The rumors buzzing around venture capital circles are true: greentech has been bulking up in the off-season and is primed for a wildly successful sophomore season. And venture capitalists can profit handsomely on the resurgence –- if they can ditch the freshman mentality and get a little smarter, a little more calculating and a lot more discriminating about what they fund, said private equity firm Silver Lake Kraftwerk’s Adam Grosser.
The leaders of Silver Lake’s brand new greentech fund Silver Lake Kraftwerk — Grosser (formerly from Foundation Capital) and Cathy Zoi (formerly the DOE’s Under-Secretary for Energy) — took the stage together at Green: Net for the first time to discuss what they’ve learned over the past decade in the wild west of greentech investing.
Grosser compared venture capitalists in the first wave of investment to wildcat oil speculators drilling holes in the ground and coming up dry most of the time. “A lot of us jumped in and put a lot of bets that didn’t understand the nuances of the market,” he said. He also admitted investors like himself were “overly enthusiastic” about the social good aspects of their work and funded clean energy projects that should exist but under the purview of government and national labs.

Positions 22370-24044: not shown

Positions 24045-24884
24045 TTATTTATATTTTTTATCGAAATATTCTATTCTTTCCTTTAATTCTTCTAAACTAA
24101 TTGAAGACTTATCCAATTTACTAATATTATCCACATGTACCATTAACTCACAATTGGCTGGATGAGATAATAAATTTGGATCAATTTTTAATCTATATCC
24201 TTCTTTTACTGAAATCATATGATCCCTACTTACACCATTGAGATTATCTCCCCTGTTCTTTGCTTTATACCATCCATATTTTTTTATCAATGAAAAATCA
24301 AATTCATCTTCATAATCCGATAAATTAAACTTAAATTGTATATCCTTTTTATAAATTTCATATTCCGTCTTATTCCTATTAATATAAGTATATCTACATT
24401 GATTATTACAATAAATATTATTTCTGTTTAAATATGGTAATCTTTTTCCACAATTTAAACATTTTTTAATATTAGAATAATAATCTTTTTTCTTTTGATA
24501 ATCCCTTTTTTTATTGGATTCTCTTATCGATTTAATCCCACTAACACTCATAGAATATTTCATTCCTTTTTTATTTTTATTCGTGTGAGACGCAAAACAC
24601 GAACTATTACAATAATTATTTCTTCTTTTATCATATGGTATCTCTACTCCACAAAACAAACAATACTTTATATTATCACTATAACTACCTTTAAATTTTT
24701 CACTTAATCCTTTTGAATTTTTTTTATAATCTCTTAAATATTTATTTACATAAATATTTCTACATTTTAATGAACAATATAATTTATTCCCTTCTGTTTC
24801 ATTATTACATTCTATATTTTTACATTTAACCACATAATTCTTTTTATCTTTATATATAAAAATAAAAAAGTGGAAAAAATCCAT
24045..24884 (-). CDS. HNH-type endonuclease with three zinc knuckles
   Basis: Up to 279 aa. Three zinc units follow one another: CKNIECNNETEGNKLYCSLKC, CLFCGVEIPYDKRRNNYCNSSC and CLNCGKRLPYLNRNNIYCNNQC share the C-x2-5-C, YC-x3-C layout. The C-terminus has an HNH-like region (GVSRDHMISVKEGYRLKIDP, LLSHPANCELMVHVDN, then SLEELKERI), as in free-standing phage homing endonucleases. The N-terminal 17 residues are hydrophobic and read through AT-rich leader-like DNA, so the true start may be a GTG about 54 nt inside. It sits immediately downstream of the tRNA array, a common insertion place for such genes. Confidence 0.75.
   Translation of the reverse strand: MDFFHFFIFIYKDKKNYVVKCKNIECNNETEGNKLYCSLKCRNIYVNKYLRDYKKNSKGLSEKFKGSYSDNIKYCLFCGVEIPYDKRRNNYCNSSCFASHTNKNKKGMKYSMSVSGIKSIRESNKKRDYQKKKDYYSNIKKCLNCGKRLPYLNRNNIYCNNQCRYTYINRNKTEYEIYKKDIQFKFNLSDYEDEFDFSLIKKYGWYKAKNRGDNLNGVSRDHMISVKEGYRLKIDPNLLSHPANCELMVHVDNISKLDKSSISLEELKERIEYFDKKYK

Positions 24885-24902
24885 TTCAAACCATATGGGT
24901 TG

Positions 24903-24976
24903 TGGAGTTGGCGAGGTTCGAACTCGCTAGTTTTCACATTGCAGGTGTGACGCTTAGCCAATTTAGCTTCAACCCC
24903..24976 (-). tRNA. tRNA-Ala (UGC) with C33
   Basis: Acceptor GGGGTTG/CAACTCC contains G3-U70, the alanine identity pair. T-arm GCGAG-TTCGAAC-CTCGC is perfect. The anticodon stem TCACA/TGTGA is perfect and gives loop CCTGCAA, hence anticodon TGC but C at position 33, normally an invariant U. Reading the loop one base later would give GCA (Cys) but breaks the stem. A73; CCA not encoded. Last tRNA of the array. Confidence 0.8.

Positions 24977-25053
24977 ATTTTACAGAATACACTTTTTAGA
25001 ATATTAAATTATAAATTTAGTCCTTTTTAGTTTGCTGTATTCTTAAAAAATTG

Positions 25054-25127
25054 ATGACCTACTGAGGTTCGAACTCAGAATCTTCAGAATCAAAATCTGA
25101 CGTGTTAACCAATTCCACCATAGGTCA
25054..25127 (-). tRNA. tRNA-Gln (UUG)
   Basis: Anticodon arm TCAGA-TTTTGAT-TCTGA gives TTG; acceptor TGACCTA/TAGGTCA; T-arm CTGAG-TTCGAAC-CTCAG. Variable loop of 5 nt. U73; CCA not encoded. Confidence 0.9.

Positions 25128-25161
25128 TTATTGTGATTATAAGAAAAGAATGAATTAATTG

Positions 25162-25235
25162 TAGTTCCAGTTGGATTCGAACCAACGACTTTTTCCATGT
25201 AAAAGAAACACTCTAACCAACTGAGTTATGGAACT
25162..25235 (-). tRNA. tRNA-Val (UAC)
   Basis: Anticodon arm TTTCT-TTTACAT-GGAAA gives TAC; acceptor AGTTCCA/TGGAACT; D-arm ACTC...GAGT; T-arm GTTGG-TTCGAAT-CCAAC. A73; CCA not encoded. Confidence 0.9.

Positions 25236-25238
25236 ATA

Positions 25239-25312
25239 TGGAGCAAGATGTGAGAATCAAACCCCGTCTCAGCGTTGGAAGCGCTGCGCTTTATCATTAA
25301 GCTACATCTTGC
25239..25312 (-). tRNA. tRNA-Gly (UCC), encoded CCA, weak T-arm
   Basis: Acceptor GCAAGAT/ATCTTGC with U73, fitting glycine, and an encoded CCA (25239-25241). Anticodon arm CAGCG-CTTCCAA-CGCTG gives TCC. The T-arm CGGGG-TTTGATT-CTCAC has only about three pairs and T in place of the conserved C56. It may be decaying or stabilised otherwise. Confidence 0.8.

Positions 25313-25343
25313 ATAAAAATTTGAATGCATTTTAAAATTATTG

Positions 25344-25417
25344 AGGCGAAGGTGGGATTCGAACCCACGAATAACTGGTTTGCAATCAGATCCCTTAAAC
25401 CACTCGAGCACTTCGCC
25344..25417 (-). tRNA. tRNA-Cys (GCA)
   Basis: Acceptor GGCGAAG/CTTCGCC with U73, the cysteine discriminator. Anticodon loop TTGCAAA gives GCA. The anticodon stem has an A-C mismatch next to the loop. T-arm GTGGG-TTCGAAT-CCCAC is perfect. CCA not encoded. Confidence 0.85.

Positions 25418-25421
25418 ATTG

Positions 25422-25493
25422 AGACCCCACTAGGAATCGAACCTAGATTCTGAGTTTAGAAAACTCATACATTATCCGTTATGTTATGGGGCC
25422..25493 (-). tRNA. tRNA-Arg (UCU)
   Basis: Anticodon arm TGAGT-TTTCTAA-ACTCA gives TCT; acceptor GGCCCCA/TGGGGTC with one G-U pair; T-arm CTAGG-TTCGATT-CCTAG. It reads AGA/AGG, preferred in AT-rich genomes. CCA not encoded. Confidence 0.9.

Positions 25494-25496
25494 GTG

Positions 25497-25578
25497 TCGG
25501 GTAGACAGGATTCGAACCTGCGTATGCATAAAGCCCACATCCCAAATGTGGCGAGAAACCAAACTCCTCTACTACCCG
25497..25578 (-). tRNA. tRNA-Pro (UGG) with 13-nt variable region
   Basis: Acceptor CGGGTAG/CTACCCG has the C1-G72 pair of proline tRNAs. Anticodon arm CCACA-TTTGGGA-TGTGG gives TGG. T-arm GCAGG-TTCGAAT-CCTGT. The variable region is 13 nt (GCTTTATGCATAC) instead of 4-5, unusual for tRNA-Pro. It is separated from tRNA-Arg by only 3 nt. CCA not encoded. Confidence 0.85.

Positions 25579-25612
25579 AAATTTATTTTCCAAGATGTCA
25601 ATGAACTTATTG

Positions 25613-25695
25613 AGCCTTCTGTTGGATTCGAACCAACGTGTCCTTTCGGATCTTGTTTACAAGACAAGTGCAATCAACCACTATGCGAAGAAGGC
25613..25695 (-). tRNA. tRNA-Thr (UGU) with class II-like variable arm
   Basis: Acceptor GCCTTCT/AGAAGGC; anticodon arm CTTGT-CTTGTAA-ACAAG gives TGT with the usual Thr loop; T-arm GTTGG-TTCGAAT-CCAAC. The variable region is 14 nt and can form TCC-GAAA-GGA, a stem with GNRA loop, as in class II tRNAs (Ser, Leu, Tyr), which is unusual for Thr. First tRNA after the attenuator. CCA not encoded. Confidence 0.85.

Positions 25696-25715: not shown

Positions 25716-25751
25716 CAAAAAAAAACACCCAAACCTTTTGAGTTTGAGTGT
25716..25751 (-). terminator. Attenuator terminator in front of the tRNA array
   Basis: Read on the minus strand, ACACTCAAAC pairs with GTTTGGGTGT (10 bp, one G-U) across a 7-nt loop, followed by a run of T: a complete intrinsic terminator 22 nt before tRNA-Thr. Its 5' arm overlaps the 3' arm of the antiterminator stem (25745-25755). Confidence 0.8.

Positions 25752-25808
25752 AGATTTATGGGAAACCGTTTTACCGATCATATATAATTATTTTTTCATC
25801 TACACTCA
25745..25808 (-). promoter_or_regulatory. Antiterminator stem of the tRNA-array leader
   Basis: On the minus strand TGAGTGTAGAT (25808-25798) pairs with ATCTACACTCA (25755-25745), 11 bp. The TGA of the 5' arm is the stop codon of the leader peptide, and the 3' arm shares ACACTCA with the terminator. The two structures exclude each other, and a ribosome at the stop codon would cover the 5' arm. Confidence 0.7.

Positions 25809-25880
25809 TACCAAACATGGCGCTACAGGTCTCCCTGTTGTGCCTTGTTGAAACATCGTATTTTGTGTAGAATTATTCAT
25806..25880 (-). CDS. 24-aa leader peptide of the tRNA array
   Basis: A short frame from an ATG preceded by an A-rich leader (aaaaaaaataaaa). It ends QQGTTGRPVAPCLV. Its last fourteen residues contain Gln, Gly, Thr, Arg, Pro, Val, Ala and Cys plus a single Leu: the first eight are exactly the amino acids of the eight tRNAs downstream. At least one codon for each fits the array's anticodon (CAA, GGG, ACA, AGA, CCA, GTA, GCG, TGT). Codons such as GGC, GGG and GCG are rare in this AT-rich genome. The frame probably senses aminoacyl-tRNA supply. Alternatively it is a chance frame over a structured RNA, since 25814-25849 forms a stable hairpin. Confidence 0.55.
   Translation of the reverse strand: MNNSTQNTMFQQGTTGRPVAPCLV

“A lot got spent on academic science projects,” he said.
These days, VC money is shifting away from clean energy and into the green IT movement — it’s more capital efficient, it’s less risky, and there’s quicker returns on investments, compared to investing in clean power. Grosser and Zoi said said their new strategy includes investing technologies and companies that are close to being self-sustaining and just need a slug of investment and perhaps guidance to achieve rightful stature in the marketplace.
They are also looking overseas for investment. Only 25 percent of investment is taking place in North America, and Silver Lake is opening an office in Shanghai at the same time it opens the peninsula.
“Right now, a project in Brazil is equally attractive as in Menlo Park,” he said. Finally the pair said VC’s in the past might have been a little too naive about funding energy projects and and hoping they would get through the regulatory framework. “Its easier to stop something than to get something through,” Zoi said.